The New “Normal”

The New “Normal” Housing Court Standing Order 1-23 (Issued April 3, 2023)
In response to the expiration of Chapter 257 of the Acts of 2020 and the conclusion of the Massachusetts COVID-19 State of Emergency, the Housing Court has issued a new Standing Order which includes several significant new requirements for residential landlords commencing eviction actions. This new Standing Order not only eliminates zoom mediations and significantly reduces the availability of virtual court hearings, but also alters the timeline for summary process actions and imposes new notice requirements.

Effective June 5, 2023, the new Standing Order provides for the following:

1. REMOTE COURT PROCEEDINGS. The Housing Court will no longer perform mediations or hearings via zoom, except in “extraordinary circumstances”. The exception will be certain procedural/scheduling hearings, emergency motions (such as motions to stop a physical eviction), non-evidentiary hearings, and if the Court otherwise permits one or more parties to appear by zoom for some special circumstance. In effect, the Court will be returning to its pre- COVID in-person process. The Courts will also be staggering hearing times to allow for the “maximum” number of cases to be heard.

2. EVICTION CASE SCHEDULING. As you may recall, since the onset of COVID, the Housing Court has maintained a two-tier eviction process in which cases were first scheduled for virtual mediation (Tier-1) and then for an in-person trial date if the case did not resolve (Tier-2). The dates for both events were selected solely by the Court based on its schedule and landlords (and their attorneys) had no ability to select dates. This two-tier process will remain under the new Standing Order. However, two (2) significant changes have now been made:

A. Tier-1: Mediations.

  • (1)    The court will continue to select the mediation date, but it will NOT be scheduled sooner than 30 days nor later than 60 days after the case is filed; AND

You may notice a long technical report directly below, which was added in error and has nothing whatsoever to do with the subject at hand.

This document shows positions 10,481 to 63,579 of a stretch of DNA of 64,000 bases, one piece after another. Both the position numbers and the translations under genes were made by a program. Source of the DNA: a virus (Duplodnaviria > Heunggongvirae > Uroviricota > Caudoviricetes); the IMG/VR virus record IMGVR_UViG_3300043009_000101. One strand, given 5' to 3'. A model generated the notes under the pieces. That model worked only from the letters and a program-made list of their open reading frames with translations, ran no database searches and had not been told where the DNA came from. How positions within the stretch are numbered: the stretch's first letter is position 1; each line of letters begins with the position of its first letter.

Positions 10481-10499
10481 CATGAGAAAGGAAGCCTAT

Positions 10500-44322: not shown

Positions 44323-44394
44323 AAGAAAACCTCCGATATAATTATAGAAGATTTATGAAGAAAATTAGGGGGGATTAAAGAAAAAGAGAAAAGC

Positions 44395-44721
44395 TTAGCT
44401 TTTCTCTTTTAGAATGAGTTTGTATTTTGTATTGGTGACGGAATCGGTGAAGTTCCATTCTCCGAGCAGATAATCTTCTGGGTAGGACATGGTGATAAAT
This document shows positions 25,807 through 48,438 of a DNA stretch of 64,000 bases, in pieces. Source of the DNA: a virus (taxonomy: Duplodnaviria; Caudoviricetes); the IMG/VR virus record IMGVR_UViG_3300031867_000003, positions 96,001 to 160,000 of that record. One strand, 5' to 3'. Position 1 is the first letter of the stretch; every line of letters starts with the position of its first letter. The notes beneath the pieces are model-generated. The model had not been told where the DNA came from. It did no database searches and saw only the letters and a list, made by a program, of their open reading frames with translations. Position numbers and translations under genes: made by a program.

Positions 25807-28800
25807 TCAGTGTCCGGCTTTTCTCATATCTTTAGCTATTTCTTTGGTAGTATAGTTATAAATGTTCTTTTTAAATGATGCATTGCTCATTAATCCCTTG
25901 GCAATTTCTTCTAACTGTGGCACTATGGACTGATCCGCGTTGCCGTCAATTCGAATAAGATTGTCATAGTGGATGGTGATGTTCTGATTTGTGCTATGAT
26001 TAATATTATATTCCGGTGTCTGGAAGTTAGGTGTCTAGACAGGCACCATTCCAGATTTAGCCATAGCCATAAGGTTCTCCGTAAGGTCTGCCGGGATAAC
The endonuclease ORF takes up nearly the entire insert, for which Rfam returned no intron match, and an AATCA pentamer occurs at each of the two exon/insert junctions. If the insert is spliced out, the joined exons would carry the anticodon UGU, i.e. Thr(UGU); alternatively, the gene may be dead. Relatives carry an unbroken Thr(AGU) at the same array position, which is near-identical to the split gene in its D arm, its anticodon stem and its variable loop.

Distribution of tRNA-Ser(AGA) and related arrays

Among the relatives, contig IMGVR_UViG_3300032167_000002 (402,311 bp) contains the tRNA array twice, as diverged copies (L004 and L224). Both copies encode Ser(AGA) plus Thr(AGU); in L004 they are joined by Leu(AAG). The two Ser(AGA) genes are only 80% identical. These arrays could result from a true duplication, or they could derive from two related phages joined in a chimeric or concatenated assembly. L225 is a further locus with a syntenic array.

• (2)   The court will provide the landlord with a written notice of the mediation date (which will also include other information for the tenant), and this notice must be served on the tenant by constable/sheriff at least 14 days before the mediation date.

Thus, not only will there now be a mandated delay of 30 days before the mediation, but landlords will now be required to have this notice of hearing served by constable or sheriff at an additional cost. While the cost of service may be recovered from the tenant, the landlord will be required to initially pay this charge to the constable or sheriff.

B. Tier-2: Trial Dates.
If the case is not resolved at the mediation, the trial date will automatically be two (2) weeks after the mediation date. The Parties will receive the date and time of the trial date prior to the conclusion of mediation and no further notice shall be required. As we have often been waiting a significant period of time for trial dates, this new Standing Order will hopefully expedite the process of bringing the cases to resolution. Of course, this will not apply if a jury trial has been demanded by the tenant, as the court will still need to schedule such trials.

Tenants who fail to appear at the mediation or trial date will be defaulted so long as the landlord files the return of service from the constable or sheriff confirming that the notice of hearing was served as required. However, if the tenant’s mail is returned to the court undeliverable and the notice of hearing was not served in hand, a default judgment will not be permitted. This requirement appears to simply recognize the Court’s primary concern that the tenant actually receives notice of the court date.

The Standing Order continues to permit parties to file Agreements electronically for approval by the Court. The Court will continue to require that any such agreement be approved by a Housing Specialist, Clerk, or Judge.


Cases filed prior to June 5, 2023, which have not been scheduled for mediation, will proceed under the new system. Cases filed prior to June 5, 2023, which have been scheduled for mediation by the court, will continue to proceed under the current two-tier process (i.e. – no requirement to serve the notice and the scheduled court dates in those cases will remain, including Tier-1 zoom mediations).

While we understand that these new requirements impose some additional burdens on landlords, the hope is that the Court will now be able to address the backlog of cases and ensure that cases are now addressed in a timely and appropriate manner.

Jeffrey C. Turk, Esq.                                     Caitlin P. Milone, Esq.

The foregoing is for informational purposes only and should not be considered legal advice. Please feel free to contact our office if you have any questions or need assistance. We are available to assist you with your legal needs as the housing industry navigates these complex and ever-changing circumstances.